Disrupting the narrative: Sara Minkara ’11 on a holistic approach to disability rights
Sara Minkara ’11 is the special advisor on international disability rights at the U.S. Department of State’s Bureau of Democracy, Human Rights, and Labor. During Wintersession, she gave a presentation to fellows of the Albright Institute, which is celebrating its 15th anniversary this year, about her role and her efforts to challenge how people think about disability and disability rights.
While she was on campus, Minkara talked with Shannon O’Brien about her work, her time at Wellesley, and more.
(This conversation has been lightly edited for length and clarity.)
Shannon O’Brien: How does it feel to return to Wellesley in your current capacity?
Sara Minkara: It’s always really nice being back here at Wellesley. It’s just really beautiful. And coming back here as [the] special advisor—for me, Wellesley is a significant part of why I’m here and how I ended up here. I want to always be able to give back and be able to really keep connecting with the Wellesley community.
SO: How did your experiences at Wellesley help you get where you are today?
SM: Before I entered Wellesley, I was a shy, timid student. Stubborn, still, but shy. And then Wellesley gave me the space to grow. To learn more about myself, to learn about my passions, my desires, my commitments. I was able to major in subjects that I was passionate about, like math and economics, but I was able to also expand beyond that. And I ended up starting my nonprofit organization [Empowerment Through Integration] when I was at Wellesley. So it gave me the space to really explore and build a community mobilized toward an issue that I’m passionate about, and that really resulted in my journey on disability inclusion and disability rights.
SO: What do you do in your role as a special advisor?
SM: I lead, with my team, the U.S. government foreign policy on disability across the globe. We lead disability policy across all regions, focusing on not only the human rights lens, but also the value-based lens. What I mean by that is getting the international community to understand we can never achieve full peace, prosperity, and security if we don’t include the 17% of the world’s population [who identify as living with disability]. We need to make sure they’re at the table. We need to make sure their needs are addressed, but we also need to make sure that they are able to bring forward their value that we will benefit from. And [we need to] get our State Department colleagues to see disability as part of their own work, their own priorities, and see the value in how disability is part of their own kind of framework.
It’s been a beautiful journey. We’ve been to 25 countries so far. We focus on building capacity, fostering accountability, and most importantly, I believe, disrupting the narrative, because you can have all the policies in the world on disability, but who implements the policies is society. And until we change the narrative on disability across the globe, we’ll never achieve full disability inclusion.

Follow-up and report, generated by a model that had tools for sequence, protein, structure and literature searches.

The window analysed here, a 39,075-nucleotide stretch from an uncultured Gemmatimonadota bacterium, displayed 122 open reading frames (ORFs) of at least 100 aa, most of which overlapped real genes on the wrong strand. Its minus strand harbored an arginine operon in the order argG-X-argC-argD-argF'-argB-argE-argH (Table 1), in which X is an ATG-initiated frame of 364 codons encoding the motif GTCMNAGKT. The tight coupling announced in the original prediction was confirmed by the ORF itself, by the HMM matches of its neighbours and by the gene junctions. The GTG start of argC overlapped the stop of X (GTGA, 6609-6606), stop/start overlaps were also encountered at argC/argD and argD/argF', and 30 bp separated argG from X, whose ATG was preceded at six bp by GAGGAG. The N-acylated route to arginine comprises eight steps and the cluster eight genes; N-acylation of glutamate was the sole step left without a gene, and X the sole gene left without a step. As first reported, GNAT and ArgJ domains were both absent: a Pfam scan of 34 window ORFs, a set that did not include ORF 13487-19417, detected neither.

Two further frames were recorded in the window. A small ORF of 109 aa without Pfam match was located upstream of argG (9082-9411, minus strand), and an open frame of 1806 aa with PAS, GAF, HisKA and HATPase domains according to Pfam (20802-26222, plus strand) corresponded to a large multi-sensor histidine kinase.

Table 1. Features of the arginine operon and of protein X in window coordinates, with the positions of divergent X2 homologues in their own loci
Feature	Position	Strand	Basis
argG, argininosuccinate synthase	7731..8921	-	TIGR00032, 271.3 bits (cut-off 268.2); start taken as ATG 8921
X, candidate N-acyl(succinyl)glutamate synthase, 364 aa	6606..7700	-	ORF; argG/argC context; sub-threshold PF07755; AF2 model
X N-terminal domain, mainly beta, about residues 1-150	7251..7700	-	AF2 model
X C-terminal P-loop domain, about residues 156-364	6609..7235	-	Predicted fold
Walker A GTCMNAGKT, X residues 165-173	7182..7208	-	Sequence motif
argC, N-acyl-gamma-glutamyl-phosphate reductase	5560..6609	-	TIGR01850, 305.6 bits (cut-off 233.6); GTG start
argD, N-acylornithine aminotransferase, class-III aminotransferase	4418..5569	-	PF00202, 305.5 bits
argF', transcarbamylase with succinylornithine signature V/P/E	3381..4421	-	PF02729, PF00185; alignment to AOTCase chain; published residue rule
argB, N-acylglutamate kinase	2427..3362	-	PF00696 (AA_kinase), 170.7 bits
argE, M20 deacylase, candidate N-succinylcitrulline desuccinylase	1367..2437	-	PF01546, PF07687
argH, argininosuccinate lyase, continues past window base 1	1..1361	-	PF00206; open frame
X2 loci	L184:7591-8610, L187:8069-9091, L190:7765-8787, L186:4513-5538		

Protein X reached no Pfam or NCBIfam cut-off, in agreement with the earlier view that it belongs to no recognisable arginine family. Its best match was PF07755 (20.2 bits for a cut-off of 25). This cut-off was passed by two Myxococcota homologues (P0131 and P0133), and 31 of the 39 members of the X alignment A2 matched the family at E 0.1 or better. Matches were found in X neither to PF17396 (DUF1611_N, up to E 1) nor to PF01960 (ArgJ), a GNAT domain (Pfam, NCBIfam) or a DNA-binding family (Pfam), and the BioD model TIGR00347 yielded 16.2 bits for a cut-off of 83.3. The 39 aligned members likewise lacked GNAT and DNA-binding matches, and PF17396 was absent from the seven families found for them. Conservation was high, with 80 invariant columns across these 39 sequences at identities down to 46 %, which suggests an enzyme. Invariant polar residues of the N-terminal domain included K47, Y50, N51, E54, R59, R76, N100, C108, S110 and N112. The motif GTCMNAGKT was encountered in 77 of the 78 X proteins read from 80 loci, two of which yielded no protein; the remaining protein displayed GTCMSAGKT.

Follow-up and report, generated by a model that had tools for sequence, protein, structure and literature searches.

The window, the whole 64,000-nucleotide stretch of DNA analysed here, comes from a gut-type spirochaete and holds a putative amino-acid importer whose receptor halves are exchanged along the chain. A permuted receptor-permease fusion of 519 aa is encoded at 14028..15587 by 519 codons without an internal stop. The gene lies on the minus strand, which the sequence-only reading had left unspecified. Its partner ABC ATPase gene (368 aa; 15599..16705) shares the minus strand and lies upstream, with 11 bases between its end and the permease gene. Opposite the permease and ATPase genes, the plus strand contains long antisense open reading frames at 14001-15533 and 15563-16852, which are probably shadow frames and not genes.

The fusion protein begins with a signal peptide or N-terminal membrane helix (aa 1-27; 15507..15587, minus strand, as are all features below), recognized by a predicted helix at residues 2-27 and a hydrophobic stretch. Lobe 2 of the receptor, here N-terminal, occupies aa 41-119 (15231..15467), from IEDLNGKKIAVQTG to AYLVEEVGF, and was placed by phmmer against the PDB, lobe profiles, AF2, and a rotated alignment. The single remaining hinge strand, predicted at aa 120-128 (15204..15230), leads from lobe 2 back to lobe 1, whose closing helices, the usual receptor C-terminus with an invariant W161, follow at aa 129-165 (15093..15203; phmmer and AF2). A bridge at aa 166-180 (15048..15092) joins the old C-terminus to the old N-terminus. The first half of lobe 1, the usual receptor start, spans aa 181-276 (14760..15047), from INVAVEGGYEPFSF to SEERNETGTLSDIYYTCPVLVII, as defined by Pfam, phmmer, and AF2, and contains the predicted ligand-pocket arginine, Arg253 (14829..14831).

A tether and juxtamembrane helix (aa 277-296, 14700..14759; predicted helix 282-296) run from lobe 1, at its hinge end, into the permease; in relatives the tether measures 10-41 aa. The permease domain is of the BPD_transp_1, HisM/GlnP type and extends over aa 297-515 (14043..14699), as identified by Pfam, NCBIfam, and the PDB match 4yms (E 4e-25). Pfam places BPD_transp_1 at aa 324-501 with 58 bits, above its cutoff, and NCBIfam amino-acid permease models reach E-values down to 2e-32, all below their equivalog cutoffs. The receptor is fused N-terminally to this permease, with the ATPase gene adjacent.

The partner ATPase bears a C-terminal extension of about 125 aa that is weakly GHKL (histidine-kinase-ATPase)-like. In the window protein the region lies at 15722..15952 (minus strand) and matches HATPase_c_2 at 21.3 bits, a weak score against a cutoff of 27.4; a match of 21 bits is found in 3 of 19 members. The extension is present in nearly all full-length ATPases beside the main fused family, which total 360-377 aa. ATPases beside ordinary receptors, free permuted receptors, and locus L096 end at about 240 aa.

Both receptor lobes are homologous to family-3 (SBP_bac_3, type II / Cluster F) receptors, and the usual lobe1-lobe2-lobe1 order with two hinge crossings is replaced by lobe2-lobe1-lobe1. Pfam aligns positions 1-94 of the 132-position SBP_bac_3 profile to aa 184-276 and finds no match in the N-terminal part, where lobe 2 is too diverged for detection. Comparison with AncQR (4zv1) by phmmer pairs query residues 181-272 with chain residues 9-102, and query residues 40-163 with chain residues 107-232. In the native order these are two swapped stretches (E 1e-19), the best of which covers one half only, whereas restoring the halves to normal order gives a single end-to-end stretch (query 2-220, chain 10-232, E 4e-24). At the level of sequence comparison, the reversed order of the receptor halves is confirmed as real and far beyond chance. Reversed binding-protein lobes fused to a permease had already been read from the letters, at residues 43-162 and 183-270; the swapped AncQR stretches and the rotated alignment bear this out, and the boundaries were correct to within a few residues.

SO: How have you used disability inclusion as a tool of diplomacy?
SM: Disability is a noncontroversial issue. Everyone can agree that the inclusion of persons with disabilities is important. How and where and what resources and building capacities are sometimes the challenges, but the issue will open doors, and it is one most countries are willing to engage with us on. There’s strength and power to that. How do we use that to really achieve more impact? And this goes back to us doing a U.S.-China coordination meeting. That goes back to us being able to engage with all the Central Asian countries on disability inclusion. So there are a lot of opportunities for [using disability as] an amazing, amazing tool in the diplomacy world.
SO: You’ve cited “disrupt the narrative on disability” as one of the focus areas of your office. How might Wellesley students disrupt the narrative?
SM: I really want people to think honestly: How do they perceive disability? How does society perceive disability? To be honest, the narrative is still a burden: less than, different, incapable, suffering, struggling, charity, whatever it is, right? That’s still very much the prominent narrative. So understanding that, and understanding that we want to get to a value-based narrative that every single person out there has a value to contribute to the world. How do we understand barriers of accessibility for persons with disabilities? How can we break them down? That’s one layer.
The second layer is disability should be part of every single major, curriculum, whatever field you’re in. How do you bring more disability language, and stories and contexts to the humanities, the sciences, the economic field? Disability should be mainstreamed into every single space—disability and climate change, disability in the AI world, disability and peace and security.
SO: When you’re not busy with work, are there any books or podcasts you are enjoying right now?
SM: Currently, I am reading the detective series by J.K. Rowling, Cormoran Strike. I really enjoy listening to mystery thrillers and crime podcasts, especially when I’m traveling. Those transcontinental flights can become very long if I don’t have anything to read.
SO: If you could have dinner with anyone, living or dead, who would it be?
SM: I have two people: the Prophet Mohammed and Mary, mother of Jesus. These choices may seem contradictory, but they speak to my personal connection with faith, which informs a significant part of my identity.
SO: What would people be surprised to know about you?
SM: I think the greatest surprise to people is that I am an introvert. It seems strange when you consider that my job involves connecting with people around the world, but I really value my personal time to relax and rejuvenate. Then I can go ahead and make good trouble the next day.